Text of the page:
• Join over 1.2 million students every month
  • Accelerate your learning by 29%
  • Unlimited access from just £6.99 per month

What were the main issues of disagreement between the British Government and American Colonists between 1763 and 1774?

Extracts from this document...

Introduction

History Essay 13/10/03 Q. What were the main issues of disagreement between the British Government and American Colonists between 1763 and 1774? Between the period 1763 and 1774, issues of disagreement between the British Government and American Colonists began to emerge. The various issues ranged from the introduction of the Sugar Act, which was aimed at raising revenue in the colonies but which Colonists saw as infringing on their basic rights since it involved accepting being taxed by the British government without having representation in their parliament, to one of the 'Coercive Acts', which closed the port of Boston until the East India Company were paid for losses incurred during the 'Tea Party'. These issues reveal part of the reasons why the British Government, by 1774, had become the force that the American Colonists were now working against rather than with. The economic cycles in the 1760s which brought recession to the American Colonists and the period known as the Great Awakening, where lower orders began to realise they were not social inferiors to the elite, played their part too as the American Colonists began to question significantly the influence of the British government over their affairs. The period between 1763 and 1774 marked a significant change of attitude within American Society. During the 1950s and early 1760s, the people of the thirteen Colonies were very much divided due to problems with channels of communication and economic rivalries etc. ...read more.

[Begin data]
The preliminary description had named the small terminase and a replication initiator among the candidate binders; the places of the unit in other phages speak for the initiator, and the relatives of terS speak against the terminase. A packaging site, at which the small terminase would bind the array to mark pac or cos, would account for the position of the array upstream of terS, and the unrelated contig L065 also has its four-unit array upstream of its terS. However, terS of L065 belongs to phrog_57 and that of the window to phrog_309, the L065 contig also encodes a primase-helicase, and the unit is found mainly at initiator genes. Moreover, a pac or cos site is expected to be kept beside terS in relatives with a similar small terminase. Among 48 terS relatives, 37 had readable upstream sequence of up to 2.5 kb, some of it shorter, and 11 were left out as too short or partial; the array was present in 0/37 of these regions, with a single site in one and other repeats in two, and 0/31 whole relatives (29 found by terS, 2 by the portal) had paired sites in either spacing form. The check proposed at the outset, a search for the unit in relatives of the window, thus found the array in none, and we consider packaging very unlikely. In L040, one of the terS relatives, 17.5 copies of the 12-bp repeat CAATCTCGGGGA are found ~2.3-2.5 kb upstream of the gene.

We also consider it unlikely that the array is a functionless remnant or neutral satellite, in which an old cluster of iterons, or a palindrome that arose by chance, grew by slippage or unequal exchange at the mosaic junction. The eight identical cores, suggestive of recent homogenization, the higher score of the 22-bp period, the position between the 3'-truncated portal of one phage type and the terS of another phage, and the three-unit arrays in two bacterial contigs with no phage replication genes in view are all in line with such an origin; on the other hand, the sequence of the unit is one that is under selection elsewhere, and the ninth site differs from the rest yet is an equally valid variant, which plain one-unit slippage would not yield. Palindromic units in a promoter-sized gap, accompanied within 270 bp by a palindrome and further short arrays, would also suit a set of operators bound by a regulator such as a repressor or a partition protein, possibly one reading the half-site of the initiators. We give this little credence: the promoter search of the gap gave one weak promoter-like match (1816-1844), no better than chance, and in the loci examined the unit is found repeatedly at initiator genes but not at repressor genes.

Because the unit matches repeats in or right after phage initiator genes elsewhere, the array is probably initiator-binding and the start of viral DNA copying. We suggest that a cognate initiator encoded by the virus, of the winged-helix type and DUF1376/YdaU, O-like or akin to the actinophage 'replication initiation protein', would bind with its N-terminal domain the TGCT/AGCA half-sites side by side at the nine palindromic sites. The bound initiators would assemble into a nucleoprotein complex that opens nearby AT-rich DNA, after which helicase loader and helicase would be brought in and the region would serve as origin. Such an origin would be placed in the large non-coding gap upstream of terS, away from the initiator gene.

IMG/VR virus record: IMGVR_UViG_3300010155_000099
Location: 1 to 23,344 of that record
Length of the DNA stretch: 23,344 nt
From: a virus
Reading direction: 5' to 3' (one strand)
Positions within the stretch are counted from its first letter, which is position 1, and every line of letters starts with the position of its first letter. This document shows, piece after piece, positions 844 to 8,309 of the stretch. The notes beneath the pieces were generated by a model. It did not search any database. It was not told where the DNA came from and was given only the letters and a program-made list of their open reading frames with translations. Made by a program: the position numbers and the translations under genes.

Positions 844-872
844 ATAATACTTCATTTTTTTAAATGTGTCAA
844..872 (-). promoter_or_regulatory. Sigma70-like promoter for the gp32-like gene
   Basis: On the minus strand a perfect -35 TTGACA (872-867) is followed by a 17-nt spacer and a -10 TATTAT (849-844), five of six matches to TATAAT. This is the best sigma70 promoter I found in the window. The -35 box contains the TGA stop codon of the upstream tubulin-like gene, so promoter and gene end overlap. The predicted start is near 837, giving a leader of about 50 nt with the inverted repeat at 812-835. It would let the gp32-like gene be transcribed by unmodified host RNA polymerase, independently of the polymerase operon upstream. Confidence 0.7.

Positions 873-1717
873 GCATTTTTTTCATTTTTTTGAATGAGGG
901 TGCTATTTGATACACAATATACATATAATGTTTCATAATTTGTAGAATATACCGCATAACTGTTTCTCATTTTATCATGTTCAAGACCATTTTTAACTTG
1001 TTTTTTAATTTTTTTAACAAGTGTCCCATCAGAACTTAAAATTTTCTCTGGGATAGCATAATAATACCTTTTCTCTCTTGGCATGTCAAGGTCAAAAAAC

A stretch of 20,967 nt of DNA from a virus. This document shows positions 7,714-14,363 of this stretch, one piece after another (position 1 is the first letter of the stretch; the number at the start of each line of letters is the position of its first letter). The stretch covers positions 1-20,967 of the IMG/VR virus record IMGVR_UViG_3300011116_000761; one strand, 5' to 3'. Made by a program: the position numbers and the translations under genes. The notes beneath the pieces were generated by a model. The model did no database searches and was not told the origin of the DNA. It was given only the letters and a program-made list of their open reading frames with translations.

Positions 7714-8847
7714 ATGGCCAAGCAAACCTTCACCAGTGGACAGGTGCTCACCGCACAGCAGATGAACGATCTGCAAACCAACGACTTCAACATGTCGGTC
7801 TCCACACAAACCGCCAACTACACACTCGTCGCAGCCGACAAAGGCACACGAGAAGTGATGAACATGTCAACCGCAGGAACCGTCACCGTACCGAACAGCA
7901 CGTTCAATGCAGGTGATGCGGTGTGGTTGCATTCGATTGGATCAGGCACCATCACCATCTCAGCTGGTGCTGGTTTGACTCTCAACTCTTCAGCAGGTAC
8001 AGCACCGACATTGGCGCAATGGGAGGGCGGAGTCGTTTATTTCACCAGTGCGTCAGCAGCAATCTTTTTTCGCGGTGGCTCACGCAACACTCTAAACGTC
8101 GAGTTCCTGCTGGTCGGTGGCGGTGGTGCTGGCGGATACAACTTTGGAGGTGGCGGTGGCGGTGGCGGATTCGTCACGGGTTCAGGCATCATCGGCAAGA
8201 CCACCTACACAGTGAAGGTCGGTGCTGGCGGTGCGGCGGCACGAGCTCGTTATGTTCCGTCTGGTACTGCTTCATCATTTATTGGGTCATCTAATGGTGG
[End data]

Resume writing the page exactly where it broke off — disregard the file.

Middle

any form of British taxation being levied on them, as it would challenge the principles of government which they held and indeed their sole right to control expenditure and taxation. By 1767, the American Colonists were becoming increasingly angered over British claims that they could impose any law that they wanted. In 1767 the Townsend Acts were passed, they suspended the New York legislature until it agreed to implement the Quartering Act but perhaps more significantly for the Colonists they imposed duties on such goods as tea, glass, paper and lead. Although Colonial reaction was slow to come about, the Circular letter which stated that the rights of American Colonists were being infringed as they were expected to pay taxation without having any representation in British parliament3, began to stir up colonial resentment and culminated in occasional spurts of violence when all but the tax on tea were repealed as a symbolic gesture. By 1769, certain Colonists, but particularly those from South Carolina, were alarmed at what they perceived to be a British plan to take away their liberty and establish a somewhat authoritarian way of ruling them.4 These incidents, along with the controversy over whether or not a Bishop would be appointed for the Colonies, heightened the Colonists feelings of anger towards the British Government and the direction that their policy towards America was taking. The occurrence of the Boston Tea Party on 16 December 1773 was perhaps the most significant event in the period of disagreements between the British Government and American Colonists from 1763 to 1774. ...read more.

Conclusion